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Computer Science Department Colloquium Series Presents Shuang Hao

COMPUTER SCIENCE DEPARTMENT COLLOQUIUM SERIES PRESENTS

“Data-Driven Techniques Against Cybercrime Operations “

 Shuang Hao

University of California, Santa Barbara

 

Abstract

Modern day cybercrime has become a heavy burden on the Internet ecosystem and caused increasing loss to end users, ranging from scam websites to message abuse to compromises of bank accounts. The explosive growth of online services and user-generated data facilitate the engagement in illegal activities. Mitigating emerging threats requires both gathering empirical measurements to understand the operation logistics of attacks and developing practical defense mechanisms.

In this talk, I will describe my work on using data-driven approaches to detect and disrupt cybercrime operations. First, I will present PREDATOR, a proactive DNS reputation system that we developed to detect malicious domains early, at time-of-registration, rather than later at time-of-use. I will then describe two of our studies on mitigating misuse of cloud services for illicit web hosting and disrupting a monetization scheme that cybercriminals rely on to turn stolen credit cards into cash. Finally, I will briefly discuss other threats and highlight the potential of leveraging data aggregated from various vantage points to address a wide range of security and privacy problems.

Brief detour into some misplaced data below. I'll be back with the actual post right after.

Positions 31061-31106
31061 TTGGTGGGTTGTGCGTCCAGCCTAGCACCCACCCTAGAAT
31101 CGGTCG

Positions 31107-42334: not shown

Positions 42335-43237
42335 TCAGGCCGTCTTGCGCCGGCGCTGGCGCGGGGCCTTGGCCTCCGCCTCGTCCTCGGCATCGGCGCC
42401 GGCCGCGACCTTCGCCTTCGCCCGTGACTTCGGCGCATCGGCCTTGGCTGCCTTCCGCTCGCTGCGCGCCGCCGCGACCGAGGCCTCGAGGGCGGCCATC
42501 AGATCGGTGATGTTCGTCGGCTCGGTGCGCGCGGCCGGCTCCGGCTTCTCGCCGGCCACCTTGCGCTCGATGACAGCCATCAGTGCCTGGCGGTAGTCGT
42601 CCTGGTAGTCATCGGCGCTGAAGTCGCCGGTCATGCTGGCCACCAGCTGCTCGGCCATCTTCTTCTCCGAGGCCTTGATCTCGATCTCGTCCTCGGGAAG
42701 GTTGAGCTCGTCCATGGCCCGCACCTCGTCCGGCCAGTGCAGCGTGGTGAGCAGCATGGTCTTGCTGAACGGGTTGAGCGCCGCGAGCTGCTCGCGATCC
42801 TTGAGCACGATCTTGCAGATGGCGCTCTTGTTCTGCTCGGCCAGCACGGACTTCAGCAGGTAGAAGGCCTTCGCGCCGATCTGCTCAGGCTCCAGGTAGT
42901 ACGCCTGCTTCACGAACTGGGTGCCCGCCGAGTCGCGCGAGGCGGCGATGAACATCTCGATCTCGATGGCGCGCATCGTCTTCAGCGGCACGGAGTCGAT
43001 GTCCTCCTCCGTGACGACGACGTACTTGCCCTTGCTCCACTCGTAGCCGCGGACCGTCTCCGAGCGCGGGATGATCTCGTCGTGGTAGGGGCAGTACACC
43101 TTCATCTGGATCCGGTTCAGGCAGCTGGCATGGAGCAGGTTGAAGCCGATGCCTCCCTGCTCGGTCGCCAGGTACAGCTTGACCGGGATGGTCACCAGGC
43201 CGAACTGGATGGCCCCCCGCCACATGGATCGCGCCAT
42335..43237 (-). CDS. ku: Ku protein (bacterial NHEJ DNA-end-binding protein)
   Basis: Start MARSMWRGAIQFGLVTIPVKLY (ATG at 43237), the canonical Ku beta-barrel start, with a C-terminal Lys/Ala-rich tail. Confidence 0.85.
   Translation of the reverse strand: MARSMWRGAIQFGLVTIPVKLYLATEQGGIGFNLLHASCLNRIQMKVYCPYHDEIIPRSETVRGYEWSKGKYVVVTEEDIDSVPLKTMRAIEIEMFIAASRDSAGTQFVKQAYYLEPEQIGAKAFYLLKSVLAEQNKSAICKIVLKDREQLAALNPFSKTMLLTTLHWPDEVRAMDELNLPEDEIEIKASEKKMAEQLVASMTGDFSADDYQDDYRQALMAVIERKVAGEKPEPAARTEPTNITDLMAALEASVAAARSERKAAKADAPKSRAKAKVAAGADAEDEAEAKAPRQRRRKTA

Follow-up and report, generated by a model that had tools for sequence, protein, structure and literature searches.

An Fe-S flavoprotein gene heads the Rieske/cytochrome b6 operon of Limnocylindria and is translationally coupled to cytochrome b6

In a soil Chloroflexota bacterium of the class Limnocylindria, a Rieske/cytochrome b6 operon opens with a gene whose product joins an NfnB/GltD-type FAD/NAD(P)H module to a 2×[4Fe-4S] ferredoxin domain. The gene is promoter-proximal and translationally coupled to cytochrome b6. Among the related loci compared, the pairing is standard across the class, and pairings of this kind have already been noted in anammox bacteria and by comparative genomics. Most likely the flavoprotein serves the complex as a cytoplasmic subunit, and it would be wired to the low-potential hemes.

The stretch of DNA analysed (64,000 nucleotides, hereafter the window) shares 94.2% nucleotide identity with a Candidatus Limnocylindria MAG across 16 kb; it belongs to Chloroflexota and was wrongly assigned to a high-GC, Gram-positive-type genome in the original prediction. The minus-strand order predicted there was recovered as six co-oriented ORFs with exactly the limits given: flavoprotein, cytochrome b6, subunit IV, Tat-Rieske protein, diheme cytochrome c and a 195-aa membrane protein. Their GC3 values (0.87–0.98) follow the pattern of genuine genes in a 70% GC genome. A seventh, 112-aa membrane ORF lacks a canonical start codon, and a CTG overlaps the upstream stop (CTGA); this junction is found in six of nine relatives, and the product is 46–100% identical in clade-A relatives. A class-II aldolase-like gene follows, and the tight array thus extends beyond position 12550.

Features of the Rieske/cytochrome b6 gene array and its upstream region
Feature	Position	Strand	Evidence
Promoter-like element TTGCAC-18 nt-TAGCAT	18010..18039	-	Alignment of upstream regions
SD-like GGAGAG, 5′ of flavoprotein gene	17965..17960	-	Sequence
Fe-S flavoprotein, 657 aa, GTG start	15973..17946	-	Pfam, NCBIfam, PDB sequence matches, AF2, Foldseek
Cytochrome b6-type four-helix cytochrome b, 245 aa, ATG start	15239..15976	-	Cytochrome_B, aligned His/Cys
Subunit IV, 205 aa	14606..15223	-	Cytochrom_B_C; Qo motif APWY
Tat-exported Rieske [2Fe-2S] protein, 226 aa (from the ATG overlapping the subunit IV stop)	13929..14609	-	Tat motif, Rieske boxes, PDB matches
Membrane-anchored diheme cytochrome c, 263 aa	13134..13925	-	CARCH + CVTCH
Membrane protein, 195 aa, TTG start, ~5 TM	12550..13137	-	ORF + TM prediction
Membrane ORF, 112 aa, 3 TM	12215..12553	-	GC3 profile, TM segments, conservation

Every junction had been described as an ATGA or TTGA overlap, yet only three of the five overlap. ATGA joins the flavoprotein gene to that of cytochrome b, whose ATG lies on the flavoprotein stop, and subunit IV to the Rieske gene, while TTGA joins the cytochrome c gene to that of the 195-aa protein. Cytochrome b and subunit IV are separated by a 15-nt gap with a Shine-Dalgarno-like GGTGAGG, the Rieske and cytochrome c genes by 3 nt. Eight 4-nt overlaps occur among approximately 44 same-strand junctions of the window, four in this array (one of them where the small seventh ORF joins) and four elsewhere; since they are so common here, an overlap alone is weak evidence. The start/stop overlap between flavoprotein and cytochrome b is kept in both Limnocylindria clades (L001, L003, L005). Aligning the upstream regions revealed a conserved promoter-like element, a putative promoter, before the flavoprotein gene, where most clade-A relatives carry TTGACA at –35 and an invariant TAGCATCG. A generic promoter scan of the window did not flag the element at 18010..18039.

Biography

Shuang Hao is a Postdoctoral Researcher in Computer Science at the University of California, Santa Barbara working with Prof. Christopher Kruegel and Prof. Giovanni Vigna. His research interests include anomaly detection, underground economics, DNS analysis, and web and mobile security. His research uses data-driven techniques to measure and detect attacks and vulnerabilities in networking and distributed systems. His work has been covered by various major media including MIT Technology Review, Wall Street Journal, WIRED, Slashdot, and KrebsOnSecurity. He was awarded the Yahoo! Key Scientific Challenges Program Award. He obtained his Ph.D. in the School of Computer Science at the Georgia Institute of Technology under the supervision of Prof. Nick Feamster.

         Date:        Friday, March 10th, 2017

         Time:       1:30pm to 2:30pm

         Location:  ECS South 2.102 TI Auditorium

         Refreshments will be served at 1:15 pm